The past week has been a busy week for cybersecurity professionals. We started the week with the timer on WannaCry expired on May 15. This mean that if encrypted files are not paid, they would be permanently deleted. Those whom paid the ransom receive the ability to decrypt previously encrypted files and regain access back to original system. For those who did not paid, backup provides the only remaining mechanism to restore original files. All told, under 300 payments or so was paid, or a total of approximately $100,000. In retrospective, the sum is paltry compared to the billions of dollars that the attack has impacted to businesses, hospitals and factories. Researchers are quickly highlighting similarities in attack methodologies to a North Korean's Unit 180 whom was responsible for several high-profile attacks in financial institutions ($81m heist of the Bangladesh Central Bank) and businesses (Sony) around the world.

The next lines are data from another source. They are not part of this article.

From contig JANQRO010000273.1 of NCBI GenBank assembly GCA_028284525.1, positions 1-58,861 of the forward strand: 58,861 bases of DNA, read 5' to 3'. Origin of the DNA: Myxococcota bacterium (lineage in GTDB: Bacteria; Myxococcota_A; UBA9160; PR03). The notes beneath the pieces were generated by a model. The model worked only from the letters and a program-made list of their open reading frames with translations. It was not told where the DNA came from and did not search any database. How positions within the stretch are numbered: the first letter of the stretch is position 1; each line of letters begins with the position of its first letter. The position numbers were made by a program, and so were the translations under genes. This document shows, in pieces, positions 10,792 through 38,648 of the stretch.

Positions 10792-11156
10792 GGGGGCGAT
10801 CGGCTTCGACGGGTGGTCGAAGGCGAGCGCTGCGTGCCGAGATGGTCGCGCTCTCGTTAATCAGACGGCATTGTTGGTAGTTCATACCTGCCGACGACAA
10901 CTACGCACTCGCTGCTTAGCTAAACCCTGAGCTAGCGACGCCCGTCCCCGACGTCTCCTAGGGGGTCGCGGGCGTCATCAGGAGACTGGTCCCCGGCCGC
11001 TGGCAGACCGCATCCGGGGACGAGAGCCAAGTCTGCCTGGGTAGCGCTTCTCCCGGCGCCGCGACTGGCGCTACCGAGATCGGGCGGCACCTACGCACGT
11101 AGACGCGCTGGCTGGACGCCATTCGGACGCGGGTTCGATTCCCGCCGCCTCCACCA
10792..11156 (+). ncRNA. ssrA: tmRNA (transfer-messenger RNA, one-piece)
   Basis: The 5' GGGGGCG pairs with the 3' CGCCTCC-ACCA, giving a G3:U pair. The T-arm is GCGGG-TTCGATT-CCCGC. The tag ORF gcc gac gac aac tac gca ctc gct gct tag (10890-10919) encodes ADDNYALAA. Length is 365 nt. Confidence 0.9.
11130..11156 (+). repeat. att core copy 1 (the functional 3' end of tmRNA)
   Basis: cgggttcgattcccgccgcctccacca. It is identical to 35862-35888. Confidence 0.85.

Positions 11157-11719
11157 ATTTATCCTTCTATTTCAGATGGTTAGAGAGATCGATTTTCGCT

On May 16 - 17, NIST kicked off the Cyberscurity Framework Workshop 2017. The workshop discussed the Cyberscurity Framework users' experiences, and proposed updates to the Framework in Version 1.1 and later, and any potential Framework-related policy issues. The two-day conference attracted several leading speakers from public and private-sector organizations, both domestic and internationally. For additional information visit the link at https://www.nist.gov/news-events/events/2017/05/cybersecurity-framework-workshop-2017.